Having said that, bar that aforementioned one scene, Claudia Guerini as Lisa (here lovingly filmed by her husband Frederico Zampagione) gives a committed and layered performance, a mixture of strength,  and vulnerability, with a certain raw sensuality only found in proud Southern European women. She bravely carries on the whole film on her shoulders, and it is refreshing that, for a genre that was often accused of casual misogyny, Tulpa has a strong female character as a lead.

But despite the undeniable technical skill on display, and some obvious qualities, the audience began to laugh, incontrollably, which, I have to admit, at the time, made me feel very uncomfortable for the cast and crew, all in attendance and watching the film. But to be fair, this is nothing compared to what directors are subjected in Cannes or other big festivals (and only yesterday did we hear that Terrence Malic's new film, To The Wonder, was comprehensibly booed in Venice, so nobody is ever safe.)

Tulpa was not booed when the end credits rolled, instead receiving a chorus of applause (possibly not quite for the right reasons.) While the director and cast came on stage, I do not know what they must have made of the reception the film got and the expected Q&A did not take place. The affectionate bad/good film banter does not quite exist much outside the English speaking world and they must have been rather baffled, so I hope they did not take the audience's reaction too harshly.

As revered as they are now, it has to be said that most giallos of the golden age suffer the same kind of flaws, with some approximative acting and a liberal approach to logic and plot, although I do not think the director really meant to push the authenticity by trying to mimic those aspects.

I am convinced that the film could be considerably improved by offering an all Italian version with English subtitles, and editing out a few scenes which slows it down. Perhaps the Frightfest audience, a little drunk at this stage of the festival and in a jokey mood, might not have actually been the best one to offer its world premiere to after all. As for me, I made a beeline for the (incredibly stylish) DP Giuseppe Maio in the foyer, having spotted him on stage earlier, to tell him all the praise I had for his work on the film, and he seemed suitably pleased!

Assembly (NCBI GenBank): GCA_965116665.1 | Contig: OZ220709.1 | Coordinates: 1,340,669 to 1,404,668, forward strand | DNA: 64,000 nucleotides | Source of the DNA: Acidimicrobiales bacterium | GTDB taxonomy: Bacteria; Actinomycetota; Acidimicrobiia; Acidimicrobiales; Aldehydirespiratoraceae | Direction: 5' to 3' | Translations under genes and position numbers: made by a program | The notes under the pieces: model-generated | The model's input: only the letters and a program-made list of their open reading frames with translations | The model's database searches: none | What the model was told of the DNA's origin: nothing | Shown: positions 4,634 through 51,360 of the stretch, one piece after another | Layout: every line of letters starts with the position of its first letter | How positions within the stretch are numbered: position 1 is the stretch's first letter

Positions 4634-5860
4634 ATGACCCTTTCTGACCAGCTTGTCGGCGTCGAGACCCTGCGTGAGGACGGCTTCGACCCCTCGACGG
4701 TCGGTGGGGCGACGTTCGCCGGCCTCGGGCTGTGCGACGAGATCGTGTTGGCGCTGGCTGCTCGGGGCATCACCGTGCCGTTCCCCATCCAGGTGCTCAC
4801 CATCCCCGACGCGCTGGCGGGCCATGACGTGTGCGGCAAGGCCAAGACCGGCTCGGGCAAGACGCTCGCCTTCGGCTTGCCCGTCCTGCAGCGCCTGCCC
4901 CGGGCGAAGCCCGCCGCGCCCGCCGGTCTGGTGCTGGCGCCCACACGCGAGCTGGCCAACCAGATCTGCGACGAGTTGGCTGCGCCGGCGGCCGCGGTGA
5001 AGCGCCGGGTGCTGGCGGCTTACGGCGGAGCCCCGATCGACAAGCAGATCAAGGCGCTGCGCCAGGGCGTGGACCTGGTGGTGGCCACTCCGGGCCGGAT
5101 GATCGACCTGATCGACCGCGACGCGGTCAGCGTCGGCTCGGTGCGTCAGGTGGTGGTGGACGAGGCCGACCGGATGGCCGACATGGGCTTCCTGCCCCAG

Despite its somehow mixed reception, anybody who is a fan of stylish and bonkers cinema will not fail to enjoy Tulpa as much as I did.

And finally Maniac came on as the midnight screening. I had already seen it at the Cannes Film Festival for its world gala premiere, at yet another midnight screening, and I wrote a review for Cinemart (which you can read here), a rather daunting prospect at the time. Indeed the film only had that one screening at the festival, with no press showing, and I had to word my opinion completely unaware of how it would be received by others. I am pleased to say that it got a great reception at Frighfest, and that it holds surprisingly well on a second viewing, which gave me even more time to enjoy the fantastic work on the cinematography and electronic soundtrack. A real crowd please that had the audience almost scalp themselves out of pure joy.

So a long day was over, and I was getting ready for yet another day of bloody mayhem, featuring an Italian film studio, a haunted house and a singing, flying zombie egg sushi called "Eggy" which we all fell for, as well as a chance encounter with an infamous horror director... Join me on my third day of Frightfest report on my next post.